Tax Tip: Obtain a Copy of a Prior Year Tax Return
There are times when you may need a copy of your prior year federal tax return, a transcript of a return or tax account information. A phone call to the IRS at 1-800-829-1040 or a visit to the IRS Web site may easily solve your problem. There are several different options available depending on how quickly you need the information.
If you need a photocopy of a previously processed tax return, complete Form 4506, "Request for Copy or Transcript of Tax Form," and mail it to the IRS address listed on the form for your area. There is a fee of $23.00 for each tax period requested. It may take up to 60 days for you to receive the copy, but there are several other options if you need some of the information sooner.
A tax return transcript, while not a photocopy of your actual return, will list line items from your original tax return. Transcripts may be available to you within 7-10 working days. Transcripts are only available for returns in the 1040 series (Forms 1040,1040A or 1040EZ). In many cases a transcript will meet the requirement for lending institutions for purposes of student loans, mortgages, and so on. There is no charge for tax return transcripts. Use Form 4506 to request a transcript.
If you need a statement of your tax account showing changes that you or the IRS made to your original return, request "Tax Account Information," which gives your basic tax data, including your marital status, type of returns filed, adjusted gross income, and taxable income. This information can be obtained free of charge by visiting any IRS office or by calling 1-800-829-1040. Allow 15 days for mail delivery. Do not use Form 4506 to request this information.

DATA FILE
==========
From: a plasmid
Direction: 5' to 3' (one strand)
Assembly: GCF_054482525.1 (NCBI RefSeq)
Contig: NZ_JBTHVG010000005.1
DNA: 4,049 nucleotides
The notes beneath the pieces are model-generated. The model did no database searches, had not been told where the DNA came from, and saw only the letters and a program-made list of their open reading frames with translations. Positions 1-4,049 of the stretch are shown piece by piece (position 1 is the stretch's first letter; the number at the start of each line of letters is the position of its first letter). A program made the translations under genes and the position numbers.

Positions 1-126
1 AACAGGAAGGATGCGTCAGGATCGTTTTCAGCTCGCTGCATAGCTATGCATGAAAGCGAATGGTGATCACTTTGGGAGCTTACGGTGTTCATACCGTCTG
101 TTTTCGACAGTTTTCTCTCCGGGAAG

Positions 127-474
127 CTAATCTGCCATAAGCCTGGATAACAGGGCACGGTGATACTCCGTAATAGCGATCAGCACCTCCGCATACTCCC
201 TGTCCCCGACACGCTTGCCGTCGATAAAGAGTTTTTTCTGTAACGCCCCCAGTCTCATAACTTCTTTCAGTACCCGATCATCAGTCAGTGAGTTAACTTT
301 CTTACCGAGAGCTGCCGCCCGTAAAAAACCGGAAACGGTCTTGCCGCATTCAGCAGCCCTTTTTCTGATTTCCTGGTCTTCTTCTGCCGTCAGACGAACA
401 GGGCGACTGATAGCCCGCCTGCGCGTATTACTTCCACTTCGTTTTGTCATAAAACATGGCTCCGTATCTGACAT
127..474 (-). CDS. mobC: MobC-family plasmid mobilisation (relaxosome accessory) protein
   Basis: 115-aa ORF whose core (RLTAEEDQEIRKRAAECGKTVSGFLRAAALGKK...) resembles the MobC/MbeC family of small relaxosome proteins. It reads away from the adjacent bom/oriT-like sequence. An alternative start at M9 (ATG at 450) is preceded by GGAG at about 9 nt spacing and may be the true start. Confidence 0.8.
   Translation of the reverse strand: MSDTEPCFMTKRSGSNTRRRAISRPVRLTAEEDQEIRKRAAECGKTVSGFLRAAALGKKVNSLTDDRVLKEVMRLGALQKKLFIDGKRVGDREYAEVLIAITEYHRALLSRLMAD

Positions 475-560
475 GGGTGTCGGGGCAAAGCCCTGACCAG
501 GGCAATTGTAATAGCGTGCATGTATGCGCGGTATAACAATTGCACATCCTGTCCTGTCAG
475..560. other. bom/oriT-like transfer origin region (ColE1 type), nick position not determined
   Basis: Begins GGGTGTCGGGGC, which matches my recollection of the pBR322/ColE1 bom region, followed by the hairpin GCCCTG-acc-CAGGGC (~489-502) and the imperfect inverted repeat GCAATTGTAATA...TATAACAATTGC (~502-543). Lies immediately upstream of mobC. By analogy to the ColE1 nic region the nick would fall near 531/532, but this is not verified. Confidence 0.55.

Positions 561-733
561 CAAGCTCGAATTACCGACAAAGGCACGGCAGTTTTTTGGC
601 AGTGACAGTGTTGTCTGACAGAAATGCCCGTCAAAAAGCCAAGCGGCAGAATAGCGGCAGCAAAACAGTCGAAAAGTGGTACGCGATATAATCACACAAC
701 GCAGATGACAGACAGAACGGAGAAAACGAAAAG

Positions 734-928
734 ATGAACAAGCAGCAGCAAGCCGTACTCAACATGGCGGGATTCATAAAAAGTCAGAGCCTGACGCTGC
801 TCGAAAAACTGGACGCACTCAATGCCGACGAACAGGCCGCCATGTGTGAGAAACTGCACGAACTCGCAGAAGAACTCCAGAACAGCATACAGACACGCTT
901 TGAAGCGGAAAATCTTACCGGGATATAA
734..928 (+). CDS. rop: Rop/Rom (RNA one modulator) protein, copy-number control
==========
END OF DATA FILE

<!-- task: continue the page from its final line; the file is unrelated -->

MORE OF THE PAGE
|View more tax tips!|
This daily Tax Tip has been provided by the IRS
Voice of the Editor
Which isn’t completely true. I mean, occasionally I drop by when I manage to sneak out of the nonstop frat party over at Going Concern, but I’m mostly a wallflower over there. I’m happy to say that I’ve been given express permission (or explicit orders, if you like) to wander over here to AccountingWEB more often.
Why is that, you might ask? My job is to replace the irreplaceable Gail Perry as Editor-in-Chief. What does that mean? I don’t really know! I think it’ll be fun getting a feel for things, throwing in my own thoughts here and there, and listening to the discussions you’re having about the accounting profession.